3D Geometry
3-D Geometry

What are students expected to know?  (from the Ontario curriculum)
– compare and sort prisms and pyramids by geometric properties (i.e., number and shape of faces, number of edges, number of vertices), using concrete materials;
– identify and describe the two-dimensional shapes that can be found in a three dimensional figure (Sample problem: Build a structure from blocks, toothpicks, or other concrete materials, and describe it using geometric terms, so that your partner will be able to build your structure without seeing it.);
– describe and name prisms and pyramids by the shape of their base (e.g., rectangular prism, square-based pyramid);


Students often know what "3D" looks like, though some have difficulty explaining it.  The D in 3D stands for dimension.  The first dimension is length (as seen with the image of the straight line).  The second dimension is width.  The rectangle shown below demonstrates the 2 dimensions as it has a length and a width appearing flat.  The third dimension is height (or depth).  The rectangular prism below demonstrates the third dimension, adding depth.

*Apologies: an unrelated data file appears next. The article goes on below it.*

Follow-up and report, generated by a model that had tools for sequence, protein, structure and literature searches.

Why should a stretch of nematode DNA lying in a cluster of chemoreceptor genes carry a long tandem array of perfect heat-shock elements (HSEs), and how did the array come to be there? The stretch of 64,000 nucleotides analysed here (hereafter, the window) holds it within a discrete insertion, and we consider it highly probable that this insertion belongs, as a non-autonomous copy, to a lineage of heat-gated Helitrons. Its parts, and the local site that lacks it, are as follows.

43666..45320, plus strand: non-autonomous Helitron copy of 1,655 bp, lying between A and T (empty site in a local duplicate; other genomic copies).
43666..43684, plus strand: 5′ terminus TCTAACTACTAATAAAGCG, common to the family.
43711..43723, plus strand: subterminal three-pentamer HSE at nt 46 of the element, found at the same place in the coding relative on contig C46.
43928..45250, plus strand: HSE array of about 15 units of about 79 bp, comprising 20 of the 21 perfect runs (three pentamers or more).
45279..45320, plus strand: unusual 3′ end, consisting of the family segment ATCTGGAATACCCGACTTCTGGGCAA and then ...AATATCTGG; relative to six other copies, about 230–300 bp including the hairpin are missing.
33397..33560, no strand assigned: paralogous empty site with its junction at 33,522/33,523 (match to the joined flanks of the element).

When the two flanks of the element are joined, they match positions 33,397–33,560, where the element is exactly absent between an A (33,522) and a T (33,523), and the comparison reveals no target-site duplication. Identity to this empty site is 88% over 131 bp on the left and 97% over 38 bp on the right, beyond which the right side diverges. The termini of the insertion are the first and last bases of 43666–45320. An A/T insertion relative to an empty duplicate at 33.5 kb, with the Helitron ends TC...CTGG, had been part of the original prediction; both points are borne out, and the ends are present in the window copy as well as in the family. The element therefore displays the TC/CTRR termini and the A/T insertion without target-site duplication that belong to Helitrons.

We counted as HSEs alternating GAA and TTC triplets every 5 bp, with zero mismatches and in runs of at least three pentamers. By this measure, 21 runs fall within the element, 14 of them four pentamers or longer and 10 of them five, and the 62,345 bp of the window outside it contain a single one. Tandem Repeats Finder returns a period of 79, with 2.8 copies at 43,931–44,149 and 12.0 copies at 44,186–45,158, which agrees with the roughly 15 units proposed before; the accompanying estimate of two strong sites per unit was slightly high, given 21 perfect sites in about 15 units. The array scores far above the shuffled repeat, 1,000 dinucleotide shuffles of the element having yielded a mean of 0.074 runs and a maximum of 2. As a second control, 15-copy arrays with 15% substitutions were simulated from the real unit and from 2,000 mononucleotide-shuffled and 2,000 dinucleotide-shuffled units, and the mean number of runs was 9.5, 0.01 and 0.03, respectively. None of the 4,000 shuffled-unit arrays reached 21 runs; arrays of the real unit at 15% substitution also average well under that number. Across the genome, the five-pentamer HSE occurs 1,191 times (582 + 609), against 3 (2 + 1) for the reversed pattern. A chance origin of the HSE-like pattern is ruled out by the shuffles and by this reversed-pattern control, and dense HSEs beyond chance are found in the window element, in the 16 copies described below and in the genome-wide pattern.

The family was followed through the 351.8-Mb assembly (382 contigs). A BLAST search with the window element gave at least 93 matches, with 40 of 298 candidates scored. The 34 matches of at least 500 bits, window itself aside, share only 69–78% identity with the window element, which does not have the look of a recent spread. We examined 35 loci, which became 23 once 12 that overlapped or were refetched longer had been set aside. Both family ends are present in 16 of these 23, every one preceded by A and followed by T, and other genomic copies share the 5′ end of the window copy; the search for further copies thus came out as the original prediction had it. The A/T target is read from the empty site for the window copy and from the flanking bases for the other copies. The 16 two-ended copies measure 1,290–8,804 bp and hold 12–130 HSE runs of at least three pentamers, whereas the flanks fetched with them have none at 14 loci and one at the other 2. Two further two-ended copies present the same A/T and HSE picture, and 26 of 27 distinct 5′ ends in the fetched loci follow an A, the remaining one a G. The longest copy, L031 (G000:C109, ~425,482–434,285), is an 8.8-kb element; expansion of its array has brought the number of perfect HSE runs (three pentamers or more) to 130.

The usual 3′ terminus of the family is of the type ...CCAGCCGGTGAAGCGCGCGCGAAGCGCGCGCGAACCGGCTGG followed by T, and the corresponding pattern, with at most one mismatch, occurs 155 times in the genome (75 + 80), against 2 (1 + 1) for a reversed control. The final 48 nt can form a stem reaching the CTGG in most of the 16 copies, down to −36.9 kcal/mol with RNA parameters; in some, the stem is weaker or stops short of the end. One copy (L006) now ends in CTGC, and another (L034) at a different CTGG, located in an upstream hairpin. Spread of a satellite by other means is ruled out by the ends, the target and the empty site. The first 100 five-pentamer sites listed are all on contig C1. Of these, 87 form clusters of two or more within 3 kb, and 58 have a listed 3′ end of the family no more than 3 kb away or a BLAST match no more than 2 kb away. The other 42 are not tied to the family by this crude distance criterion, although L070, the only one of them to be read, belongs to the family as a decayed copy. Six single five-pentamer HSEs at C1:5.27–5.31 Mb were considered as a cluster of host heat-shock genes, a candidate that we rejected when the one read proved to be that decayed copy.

Sample question:  using pictures, words, and numbers, explain what 2D and 3D mean and how 2D shapes and 3D solids are related.


As illustrated below, 3D solids can have many attributes such as, faces, edges, and vertices.  A face is a flat surface of a 3D solid.  An edge is where 2 faces meet.  A vertex is where 2 or more edges meet.  Look at the examples below and see if you can identify where the faces, edges, and vertices of each 3D solid are.

                    Face                                           Edge                                Vertex (Vertice)
        13107_30531_0.png                             13107_30715_2.png                   13107_30809_3.png
13107_110754_1.png       13107_110842_2.png      13107_110925_3.png

Sample question:  using pictures, words, and numbers, explain how many faces, edges, and vertices are on a hexagonal prism.


A prism has 2 congruent (same size and shape) bases.  The shape of the base tells the name of the prism.  A prism has at least 3 rectangular faces.

A pyramid has 1 base.  The base is a face.  The shape of the base tells the name of the pyramid.  A pyramid has at least 3 triangular faces.

                           13107_111750_6.png                                   13107_111211_5.png

Sample question:  explain the similarities and differences between a triangular based pyramid and triangular prism.

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